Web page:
It’s time to fly. High.

Strap on your wings, my friend. FEAR won’t fly with you. It will only try to drag you down. 

The time is now. Take flight.

And share the view with the rest of us…because you are an artist.

Questions: How high will you fly? Have you bought into the lies you’ve been told?

NOTE: This Friday at 2:00pm CT, I will be recording a podcast on the Icarus Deception with Todd Liles and Dan Black. We would love to hear from you. What questions do you have about the book, art, or fear? What has been your experience with making art? Share in the comments below.

23 thoughts on “You Are an Artist, Now Go Act Like One

  1. I consider myself and artist….but without a mentor so it’s easy to fly low. Finding mentors are a challenge, ideas?

    1. Matt McWilliams says:

      I can only tell you what worked for me Jim.

      I’m not kidding…I met with my mentor for the first time on Monday.

      Here is what I did.

      1. I prayed about it for the first time.
      2. I asked my circle of friends. They all suggested the same person.
      3. I asked that person. He said yes.
      4. We schedule a meeting within a few days.

      Is that easy for everyone? Probably not. But I had been “looking” for years with no luck. By “looking” I mean “hoping” and casually wondering and asking around.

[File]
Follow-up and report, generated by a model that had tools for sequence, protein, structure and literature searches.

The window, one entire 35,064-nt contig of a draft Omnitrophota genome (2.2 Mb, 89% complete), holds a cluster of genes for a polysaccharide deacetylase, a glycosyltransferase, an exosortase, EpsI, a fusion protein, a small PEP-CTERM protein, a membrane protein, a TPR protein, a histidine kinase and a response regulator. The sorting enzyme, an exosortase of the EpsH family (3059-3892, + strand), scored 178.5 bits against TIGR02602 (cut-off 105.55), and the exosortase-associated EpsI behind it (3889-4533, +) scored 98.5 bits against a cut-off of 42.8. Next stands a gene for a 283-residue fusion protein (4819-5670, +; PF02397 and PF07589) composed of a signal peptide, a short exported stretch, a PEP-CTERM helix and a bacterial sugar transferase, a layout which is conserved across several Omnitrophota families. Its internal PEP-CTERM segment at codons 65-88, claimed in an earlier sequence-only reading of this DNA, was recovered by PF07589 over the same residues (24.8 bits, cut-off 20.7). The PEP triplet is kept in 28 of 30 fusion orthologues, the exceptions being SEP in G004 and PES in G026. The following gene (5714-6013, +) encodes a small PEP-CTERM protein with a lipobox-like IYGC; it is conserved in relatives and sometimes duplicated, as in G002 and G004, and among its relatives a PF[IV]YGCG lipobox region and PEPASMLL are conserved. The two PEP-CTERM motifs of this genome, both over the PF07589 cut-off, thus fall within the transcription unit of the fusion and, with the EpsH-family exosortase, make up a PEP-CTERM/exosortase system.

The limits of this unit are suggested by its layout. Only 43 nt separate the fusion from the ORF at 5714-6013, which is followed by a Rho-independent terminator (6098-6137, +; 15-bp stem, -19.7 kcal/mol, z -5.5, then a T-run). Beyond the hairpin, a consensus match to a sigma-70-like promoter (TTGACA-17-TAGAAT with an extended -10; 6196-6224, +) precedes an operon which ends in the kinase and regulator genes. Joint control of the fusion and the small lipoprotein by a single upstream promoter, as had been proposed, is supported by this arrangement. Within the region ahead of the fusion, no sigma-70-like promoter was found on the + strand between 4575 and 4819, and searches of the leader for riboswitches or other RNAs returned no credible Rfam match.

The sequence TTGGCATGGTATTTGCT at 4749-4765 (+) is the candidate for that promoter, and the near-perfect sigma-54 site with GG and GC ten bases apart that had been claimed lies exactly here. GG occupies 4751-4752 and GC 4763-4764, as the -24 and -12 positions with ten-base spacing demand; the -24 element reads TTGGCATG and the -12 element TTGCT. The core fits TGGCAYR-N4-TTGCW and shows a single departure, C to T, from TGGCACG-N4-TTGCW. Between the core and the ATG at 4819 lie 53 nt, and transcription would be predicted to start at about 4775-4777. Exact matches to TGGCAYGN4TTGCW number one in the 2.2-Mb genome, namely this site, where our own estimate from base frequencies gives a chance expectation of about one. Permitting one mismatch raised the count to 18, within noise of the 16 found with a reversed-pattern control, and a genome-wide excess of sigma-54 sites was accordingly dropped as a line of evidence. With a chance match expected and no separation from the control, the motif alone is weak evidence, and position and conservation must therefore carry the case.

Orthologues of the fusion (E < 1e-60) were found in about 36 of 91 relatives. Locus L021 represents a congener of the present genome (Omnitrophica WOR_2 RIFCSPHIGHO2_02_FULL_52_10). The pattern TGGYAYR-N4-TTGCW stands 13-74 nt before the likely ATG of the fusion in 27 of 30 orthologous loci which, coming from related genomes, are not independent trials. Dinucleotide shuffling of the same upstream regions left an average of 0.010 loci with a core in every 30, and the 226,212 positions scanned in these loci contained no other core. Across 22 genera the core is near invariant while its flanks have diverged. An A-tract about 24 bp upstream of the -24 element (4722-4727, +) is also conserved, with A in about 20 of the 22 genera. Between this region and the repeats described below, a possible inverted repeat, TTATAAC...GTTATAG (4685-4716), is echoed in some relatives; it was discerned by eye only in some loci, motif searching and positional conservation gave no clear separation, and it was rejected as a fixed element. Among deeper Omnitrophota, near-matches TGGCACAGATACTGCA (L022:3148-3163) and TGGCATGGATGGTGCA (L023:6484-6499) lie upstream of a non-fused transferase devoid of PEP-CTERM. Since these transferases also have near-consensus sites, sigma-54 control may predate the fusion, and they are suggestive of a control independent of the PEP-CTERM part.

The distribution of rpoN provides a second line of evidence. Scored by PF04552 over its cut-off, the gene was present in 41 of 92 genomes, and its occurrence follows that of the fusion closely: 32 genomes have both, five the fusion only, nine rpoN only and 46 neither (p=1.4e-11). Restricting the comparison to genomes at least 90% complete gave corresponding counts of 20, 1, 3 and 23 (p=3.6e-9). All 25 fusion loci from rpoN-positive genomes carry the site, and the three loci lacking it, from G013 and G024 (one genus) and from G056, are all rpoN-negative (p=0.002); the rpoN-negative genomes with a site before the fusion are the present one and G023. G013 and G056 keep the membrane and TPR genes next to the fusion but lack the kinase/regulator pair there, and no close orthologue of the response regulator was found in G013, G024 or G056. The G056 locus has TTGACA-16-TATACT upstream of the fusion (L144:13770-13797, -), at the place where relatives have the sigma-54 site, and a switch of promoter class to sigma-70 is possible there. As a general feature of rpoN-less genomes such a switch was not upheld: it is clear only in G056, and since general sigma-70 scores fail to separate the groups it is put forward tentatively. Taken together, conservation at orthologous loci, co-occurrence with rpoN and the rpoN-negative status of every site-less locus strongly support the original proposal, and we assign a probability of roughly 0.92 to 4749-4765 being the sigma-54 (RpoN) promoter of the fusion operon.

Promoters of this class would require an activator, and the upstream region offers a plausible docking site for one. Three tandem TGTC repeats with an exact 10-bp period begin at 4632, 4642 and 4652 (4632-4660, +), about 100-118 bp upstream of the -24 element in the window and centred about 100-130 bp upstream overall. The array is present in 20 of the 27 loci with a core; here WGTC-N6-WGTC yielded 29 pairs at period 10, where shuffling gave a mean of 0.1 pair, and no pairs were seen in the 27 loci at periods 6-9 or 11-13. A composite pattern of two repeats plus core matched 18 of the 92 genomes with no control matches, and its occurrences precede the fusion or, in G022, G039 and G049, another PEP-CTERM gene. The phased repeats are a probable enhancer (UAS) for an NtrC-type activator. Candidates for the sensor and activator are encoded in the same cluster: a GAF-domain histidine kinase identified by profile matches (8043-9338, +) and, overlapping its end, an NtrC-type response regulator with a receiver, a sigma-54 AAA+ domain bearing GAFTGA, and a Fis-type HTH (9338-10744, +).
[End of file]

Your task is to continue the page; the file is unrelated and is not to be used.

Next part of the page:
But when I determined that finding a mentor was THE most important thing I could do (it was), I found one.

      I hope that you do too Jim.

      Oh, and I forgot one step. Before Step 1 I determined who I wanted:

      A godly man who had been a Christian for 20+ years.
      Married for 10+ years with children.
      At least 10 years older than me.
      Had been involved in the business world.

      That was crucial.

      1. Mark Sieverkropp says:

        Amen. good stuff.

      2. Very helpful Matt. Thanks!

      3. Wade_Thorson says:

        Thanks for the great suggestion, I have been thinking about looking for a mentor and had started a search but never found one. Now I am glad I didn’t pick the one I was looking at, I think you have defined a few key items to include when searching for that mentor that I hadn’t previously looked at.

      4. Matt McWilliams says:

        Glad I could help Wade!

    2. Mark Sieverkropp says: